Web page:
This year marks the 22nd anniversary of the Srebrenica genocide. To commemorate this anniversary, the United Kingdom’s Srebrenica Memorial Week runs from Sunday 9 July to Sunday 16 July 2016.
Our theme to mark this anniversary is ’Breaking the Silence: Gender and Genocide’.
It is impossible to speak of Srebrenica without referring to the fact that within the space of a week in July 1995, 8372 mostly Muslim men and boys were murdered by Bosnian Serb forces in an act of genocide. When we talk about “ethnic cleansing” in Bosnia and how people were targeted for acts of violence, we usually think about their Bosnian Muslim identity. However, there was another, hidden, dimension to this selection – the gender of the victims.
As well as remembering those who lost their lives, we must never forget that Srebrenica was the final act in a genocidal plan aimed at Bosnian Muslims. Among the victims of this plan were the 20,000 to 50,000 Bosniak women and girls – as young as 12 – who were subjected to sexual violence. We do not know the exact number of victims, because the majority of them have remained silent, through stigma, shame and fear.
We also honour the courage and resilience of the women of Bosnia and how their work is contributing to rebuilding of a country still living with the consequences of hatred.
The commemorative events in July this year will be exploring three sub-themes:
- Gender and Genocide: Exploring how genocide in Bosnia was gendered and remembering hidden victims of the genocide, particularly victims of sexual violence;
- Women’s Courage: Exploring the untold stories of women’s acts of courage during and after the war and the genocide;
- Seeking Truth and Justice: Exploring the contributions of women to seeking truth and justice for the genocide, and challenging denial.
In 2016, over 400 events were organised by our Community Champions across the UK, attended by over 50,000 people. There were memorial days, school assemblies, lectures and conferences, a UK-wide Srebrenica Memorial Football Tournament involving over 1,000 young people, inter-faith dialogue, community and social projects happening across the UK.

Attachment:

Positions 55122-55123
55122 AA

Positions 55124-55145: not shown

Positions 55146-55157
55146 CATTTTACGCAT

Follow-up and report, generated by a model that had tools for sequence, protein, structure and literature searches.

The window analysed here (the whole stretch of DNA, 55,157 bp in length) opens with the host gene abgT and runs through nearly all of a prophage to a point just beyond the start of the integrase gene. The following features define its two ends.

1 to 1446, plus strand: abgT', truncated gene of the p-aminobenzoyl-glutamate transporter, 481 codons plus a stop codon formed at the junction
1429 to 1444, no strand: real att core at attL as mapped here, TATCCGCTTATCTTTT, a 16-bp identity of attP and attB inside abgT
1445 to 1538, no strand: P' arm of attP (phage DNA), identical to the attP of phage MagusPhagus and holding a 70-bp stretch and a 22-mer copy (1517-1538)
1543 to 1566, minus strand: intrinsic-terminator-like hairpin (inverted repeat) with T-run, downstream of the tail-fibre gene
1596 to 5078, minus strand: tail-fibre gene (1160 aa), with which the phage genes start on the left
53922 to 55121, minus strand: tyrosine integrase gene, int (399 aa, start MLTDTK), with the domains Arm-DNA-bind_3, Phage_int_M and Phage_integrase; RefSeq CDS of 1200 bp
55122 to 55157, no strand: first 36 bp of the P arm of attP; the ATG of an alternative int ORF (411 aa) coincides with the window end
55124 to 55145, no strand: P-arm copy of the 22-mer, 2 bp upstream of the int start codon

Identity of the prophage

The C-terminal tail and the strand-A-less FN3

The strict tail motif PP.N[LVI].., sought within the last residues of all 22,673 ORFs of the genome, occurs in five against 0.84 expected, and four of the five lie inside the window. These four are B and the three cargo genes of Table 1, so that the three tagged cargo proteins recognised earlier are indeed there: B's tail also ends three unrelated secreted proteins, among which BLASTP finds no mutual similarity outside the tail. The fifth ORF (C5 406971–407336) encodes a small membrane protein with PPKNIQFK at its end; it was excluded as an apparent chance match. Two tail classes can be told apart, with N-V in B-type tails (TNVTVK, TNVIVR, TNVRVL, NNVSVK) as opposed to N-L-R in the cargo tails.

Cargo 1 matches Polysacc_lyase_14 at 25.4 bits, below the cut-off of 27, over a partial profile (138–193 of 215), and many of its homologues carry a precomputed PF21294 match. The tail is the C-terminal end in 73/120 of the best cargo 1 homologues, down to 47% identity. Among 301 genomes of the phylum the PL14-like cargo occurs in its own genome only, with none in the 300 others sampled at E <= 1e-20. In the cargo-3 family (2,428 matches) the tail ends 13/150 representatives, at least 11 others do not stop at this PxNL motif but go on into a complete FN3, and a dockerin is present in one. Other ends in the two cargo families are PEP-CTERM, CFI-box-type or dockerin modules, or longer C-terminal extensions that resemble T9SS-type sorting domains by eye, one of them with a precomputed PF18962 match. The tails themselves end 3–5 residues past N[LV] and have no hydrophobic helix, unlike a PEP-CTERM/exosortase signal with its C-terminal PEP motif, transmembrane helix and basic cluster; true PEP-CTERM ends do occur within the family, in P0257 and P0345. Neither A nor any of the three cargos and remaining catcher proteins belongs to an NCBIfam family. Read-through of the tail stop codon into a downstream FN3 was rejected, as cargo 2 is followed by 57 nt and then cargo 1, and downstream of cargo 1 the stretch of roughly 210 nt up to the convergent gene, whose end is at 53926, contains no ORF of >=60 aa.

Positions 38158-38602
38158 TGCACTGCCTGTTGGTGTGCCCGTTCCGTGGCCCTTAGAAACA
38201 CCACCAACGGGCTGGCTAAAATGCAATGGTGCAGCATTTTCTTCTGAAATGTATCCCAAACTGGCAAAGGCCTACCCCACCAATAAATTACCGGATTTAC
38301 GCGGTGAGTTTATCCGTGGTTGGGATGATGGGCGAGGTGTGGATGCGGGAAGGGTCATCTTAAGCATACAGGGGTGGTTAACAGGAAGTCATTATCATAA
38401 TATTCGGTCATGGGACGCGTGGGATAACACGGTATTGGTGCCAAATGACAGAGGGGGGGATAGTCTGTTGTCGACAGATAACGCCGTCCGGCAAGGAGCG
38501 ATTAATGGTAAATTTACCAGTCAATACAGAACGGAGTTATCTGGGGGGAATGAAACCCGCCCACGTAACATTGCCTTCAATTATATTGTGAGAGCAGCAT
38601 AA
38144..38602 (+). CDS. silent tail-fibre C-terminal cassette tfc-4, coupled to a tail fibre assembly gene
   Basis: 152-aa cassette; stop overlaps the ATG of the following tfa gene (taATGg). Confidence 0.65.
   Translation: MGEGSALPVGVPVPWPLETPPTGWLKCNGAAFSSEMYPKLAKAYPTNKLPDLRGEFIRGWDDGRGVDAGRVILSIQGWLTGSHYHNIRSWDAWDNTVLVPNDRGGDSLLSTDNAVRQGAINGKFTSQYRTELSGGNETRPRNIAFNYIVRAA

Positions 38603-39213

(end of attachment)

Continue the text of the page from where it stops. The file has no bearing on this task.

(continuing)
Our UK commemoration was held at Durbar Court in the Foreign and Commonwealth Office, hosted by the then Secretary of State, the Rt Hon Phillip Hammond MP. We also held national commemorations in Scotland, Wales and Northern Ireland.
In 2017, we are calling upon UK communities to:
REMEMBER the victims and survivors of the Srebrenica genocide;
LEARN the lessons from Srebrenica, particularly that we must always be vigilant against hatred and intolerance in our communities; and
PLEDGE to take action now to build better and safer communities for all.
Whether you have 5 minutes, 30 minutes or 60 minutes, you can make a real difference – A whole host of resources for anyone wishing to organise an event can be found here. Please do tell us what you decide to do, so that we can publicise your contributions on our website.
Our enduring symbol is the Srebrenica flower. Its 11 petals reflect Srebrenica Memorial Day on 11 July and are white and green representing the innocence of those killed and hope for the future. You can purchase hand-made flower badges and help us raise funds.
Youngsters play soccer for Srebrenica
Supported by the FA and Kick it Out, our 8-3-7-2 Srebrenica Memorial Tournament will see over 1,000 young people in schools across Britain play football and commemorate the victims on the same day – Wednesday 12 July.
Supported by Bosnian international goalkeeper and Tournament ambassador Asmir Begović, the tournament encourages pupils to learn lessons from the genocide, with the figure 8372 representing the number of individuals who lost their lives during the genocide. This year, the tournament will be even bigger and better. If you’d like to get involved, see this page.
Spreading the Srebrenica story in schools
32,000 young people have benefited to date from our educational initiatives, but there is still much work to do. In its ground-breaking Genocide Education Report, a group from Hampton School investigated genocide education by interviewing over 800 pupils and teachers. They found that 75% of young people did not know of a genocide other than the Holocaust, meaning that they were not aware that the lessons from the Holocaust had not been learned. Please help us to raise awareness in 2017 by putting on an event in your school.
We have developed a wide range of educational resources that teachers can download – PSHE education packs for England, Wales and Scotland, standalone 10 Stages to Genocide Workshops, the annual football tournament, and Srebrenica assemblies.
Regional and Country Boards
Remembering Srebrenica’s aim is to bring communities together to challenge hatred and intolerance whilst promoting a cohesive society. Our nine Regional and Country Boards help us to do this by organising and co-ordinating memorial events in their areas. If you wish to get involved in the activities of your region or country, please contact us at email@example.com.